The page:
Here again, the airbrush and the Vaseline are partners. When Neville Chamberlain managed to outpoint the coalition of the Labour Party, the Liberal Party, and the Churchillian Tories and to hand to his friend Hitler the majority of the Czechoslovak people, along with all that country's vast munitions factories, he received an unheard-of political favor. Landing at Heston Airport on his return from Munich, he was greeted by a royal escort in full uniform and invited to drive straight to Buckingham Palace. A written message from King George VI urged his attendance, "so that I can express to you personally my most heartfelt congratulations. … [T]his letter brings the warmest of welcomes to one who, by his patience and determination, has earned the lasting gratitude of his fellow countrymen throughout the Empire." Chamberlain was then paraded on the palace balcony, saluted by royalty in front of cheering crowds. Thus the Munich sell-out had received the royal assent beforethe prime minister was obliged to go to Parliament and justify what he had done. The opposition forces were checkmated before the game had begun. Britain does not have a written Constitution, but by ancient custom the royal assent is given to measures after they have passed through both houses of Parliament. So Tory historian Andrew Roberts, in his definitively damning essay "The House of Windsor and the Politics of Appeasement," is quite correct to cite fellow scholar John Grigg in support of his view that by acting as they did to grant pre-emptive favor to Chamberlain, King George VI and Queen Elizabeth (Colin Firth and Helena Bonham Carter to you) "committed the most unconstitutional act by a British Sovereign in the present century."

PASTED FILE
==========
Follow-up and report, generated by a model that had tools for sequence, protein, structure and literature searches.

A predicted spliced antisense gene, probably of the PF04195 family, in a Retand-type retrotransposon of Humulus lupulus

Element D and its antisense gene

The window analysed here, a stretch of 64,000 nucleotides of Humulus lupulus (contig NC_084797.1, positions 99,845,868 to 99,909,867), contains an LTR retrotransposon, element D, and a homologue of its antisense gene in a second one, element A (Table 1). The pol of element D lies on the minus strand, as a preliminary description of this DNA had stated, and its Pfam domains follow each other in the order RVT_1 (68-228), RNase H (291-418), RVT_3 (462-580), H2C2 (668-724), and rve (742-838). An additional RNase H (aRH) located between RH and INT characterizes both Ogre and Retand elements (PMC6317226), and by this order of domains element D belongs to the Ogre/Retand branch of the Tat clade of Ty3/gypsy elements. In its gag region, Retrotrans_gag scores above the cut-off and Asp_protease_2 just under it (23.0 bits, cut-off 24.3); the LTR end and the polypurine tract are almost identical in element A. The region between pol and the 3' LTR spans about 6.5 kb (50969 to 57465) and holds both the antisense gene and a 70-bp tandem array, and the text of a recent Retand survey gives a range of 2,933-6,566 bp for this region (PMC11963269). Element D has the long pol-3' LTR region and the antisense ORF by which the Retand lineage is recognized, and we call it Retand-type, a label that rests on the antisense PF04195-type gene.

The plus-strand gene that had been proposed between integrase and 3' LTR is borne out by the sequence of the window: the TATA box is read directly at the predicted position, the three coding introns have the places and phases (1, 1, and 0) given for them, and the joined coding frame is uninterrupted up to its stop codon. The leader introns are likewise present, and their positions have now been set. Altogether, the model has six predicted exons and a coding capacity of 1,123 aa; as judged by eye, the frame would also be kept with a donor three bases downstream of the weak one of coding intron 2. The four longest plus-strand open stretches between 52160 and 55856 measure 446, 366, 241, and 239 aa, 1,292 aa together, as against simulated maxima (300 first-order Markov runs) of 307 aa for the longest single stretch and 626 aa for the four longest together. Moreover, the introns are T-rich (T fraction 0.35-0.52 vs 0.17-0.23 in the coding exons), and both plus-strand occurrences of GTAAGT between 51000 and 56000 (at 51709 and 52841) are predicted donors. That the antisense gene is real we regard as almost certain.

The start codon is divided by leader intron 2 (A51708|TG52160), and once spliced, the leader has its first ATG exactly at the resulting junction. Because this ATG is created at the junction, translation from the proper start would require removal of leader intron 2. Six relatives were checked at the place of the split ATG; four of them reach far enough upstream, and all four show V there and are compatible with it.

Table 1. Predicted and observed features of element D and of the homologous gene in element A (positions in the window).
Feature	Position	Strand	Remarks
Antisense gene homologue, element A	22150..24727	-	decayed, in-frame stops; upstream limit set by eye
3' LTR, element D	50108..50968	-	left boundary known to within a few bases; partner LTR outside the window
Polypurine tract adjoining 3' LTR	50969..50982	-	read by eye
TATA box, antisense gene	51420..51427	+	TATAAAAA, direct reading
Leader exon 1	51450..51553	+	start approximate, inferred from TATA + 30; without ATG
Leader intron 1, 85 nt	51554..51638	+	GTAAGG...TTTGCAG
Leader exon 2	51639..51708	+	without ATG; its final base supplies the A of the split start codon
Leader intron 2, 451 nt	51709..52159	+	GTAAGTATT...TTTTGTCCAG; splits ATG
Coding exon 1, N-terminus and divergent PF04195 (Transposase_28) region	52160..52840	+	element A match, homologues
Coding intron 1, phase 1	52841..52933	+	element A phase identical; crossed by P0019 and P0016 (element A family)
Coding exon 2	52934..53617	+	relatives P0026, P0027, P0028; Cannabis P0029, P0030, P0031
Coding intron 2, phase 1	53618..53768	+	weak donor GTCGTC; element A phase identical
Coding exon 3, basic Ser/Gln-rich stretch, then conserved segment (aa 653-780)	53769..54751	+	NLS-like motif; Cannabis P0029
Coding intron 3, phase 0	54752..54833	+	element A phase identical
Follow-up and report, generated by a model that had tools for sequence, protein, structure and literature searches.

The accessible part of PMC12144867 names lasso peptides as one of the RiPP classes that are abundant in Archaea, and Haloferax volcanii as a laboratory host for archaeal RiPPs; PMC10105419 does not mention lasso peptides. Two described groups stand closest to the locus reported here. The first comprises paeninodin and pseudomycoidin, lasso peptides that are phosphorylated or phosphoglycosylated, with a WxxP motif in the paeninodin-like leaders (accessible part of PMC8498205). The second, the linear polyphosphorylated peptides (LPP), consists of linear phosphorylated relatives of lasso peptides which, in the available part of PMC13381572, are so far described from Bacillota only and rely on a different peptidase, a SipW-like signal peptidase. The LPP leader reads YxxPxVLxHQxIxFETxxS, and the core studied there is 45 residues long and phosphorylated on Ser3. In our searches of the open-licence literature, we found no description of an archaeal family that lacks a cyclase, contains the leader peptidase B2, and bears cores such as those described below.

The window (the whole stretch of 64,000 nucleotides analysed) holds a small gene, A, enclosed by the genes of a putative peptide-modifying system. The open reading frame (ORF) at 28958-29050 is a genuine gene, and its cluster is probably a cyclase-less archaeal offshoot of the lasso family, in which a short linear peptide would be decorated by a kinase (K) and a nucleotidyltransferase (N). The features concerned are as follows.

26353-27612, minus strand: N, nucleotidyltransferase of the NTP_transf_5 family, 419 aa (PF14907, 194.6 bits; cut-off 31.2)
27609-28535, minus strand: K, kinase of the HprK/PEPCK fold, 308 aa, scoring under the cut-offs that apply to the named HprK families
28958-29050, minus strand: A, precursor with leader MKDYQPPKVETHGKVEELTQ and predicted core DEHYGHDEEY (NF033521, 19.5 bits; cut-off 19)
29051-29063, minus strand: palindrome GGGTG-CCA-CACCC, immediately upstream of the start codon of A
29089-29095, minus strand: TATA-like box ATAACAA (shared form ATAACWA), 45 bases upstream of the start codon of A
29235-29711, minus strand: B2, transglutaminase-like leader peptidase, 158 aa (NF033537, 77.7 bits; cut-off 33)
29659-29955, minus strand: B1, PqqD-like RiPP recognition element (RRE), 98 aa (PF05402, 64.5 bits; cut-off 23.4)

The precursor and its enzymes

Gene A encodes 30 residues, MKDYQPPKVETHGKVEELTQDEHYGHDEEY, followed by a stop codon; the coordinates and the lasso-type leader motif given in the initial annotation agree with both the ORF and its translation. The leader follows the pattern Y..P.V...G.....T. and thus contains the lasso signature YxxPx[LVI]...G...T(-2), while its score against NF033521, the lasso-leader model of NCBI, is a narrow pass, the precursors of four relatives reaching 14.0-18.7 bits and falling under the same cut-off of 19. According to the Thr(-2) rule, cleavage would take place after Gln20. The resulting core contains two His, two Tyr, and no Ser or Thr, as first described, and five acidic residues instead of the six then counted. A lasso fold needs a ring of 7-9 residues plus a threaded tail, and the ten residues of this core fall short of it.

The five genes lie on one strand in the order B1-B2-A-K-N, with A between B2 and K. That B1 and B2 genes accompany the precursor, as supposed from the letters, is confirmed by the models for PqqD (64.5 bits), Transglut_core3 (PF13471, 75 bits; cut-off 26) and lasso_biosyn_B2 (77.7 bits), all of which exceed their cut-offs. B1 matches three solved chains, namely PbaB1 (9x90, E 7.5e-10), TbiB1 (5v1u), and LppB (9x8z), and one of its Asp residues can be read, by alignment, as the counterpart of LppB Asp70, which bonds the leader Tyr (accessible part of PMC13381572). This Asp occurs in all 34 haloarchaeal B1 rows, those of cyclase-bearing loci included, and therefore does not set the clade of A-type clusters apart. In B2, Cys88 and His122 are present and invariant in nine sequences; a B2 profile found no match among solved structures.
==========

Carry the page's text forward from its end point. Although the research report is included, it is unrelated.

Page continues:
The private letters and diaries of the royal family demonstrate a continued, consistent allegiance to the policy of appeasement and to the personality of Chamberlain. King George's forbidding mother wrote to him, exasperated that more people in the House of Commons had not cheered the sellout. The king himself, even after the Nazi armies had struck deep north into Scandinavia and clear across the low countries to France, did not wish to accept Chamberlain's resignation. He "told him how grossly unfairly he had been treated, and that I was genuinely sorry." Discussing a successor, the king wrote that "I, of course, suggested [Lord] Halifax." It was explained to him that this arch-appeaser would not do and that anyway a wartime coalition could hardly be led by an unelected member of the House of Lords. Unimpressed, the king told his diary that he couldn't get used to the idea of Churchill as prime minister and had greeted the defeated Halifax to tell him that he wished he had been chosen instead. All this can easily be known by anybody willing to do some elementary research.
   35. Sunday silence Posted: May 28, 2013 at 02:04 AM (#4453381)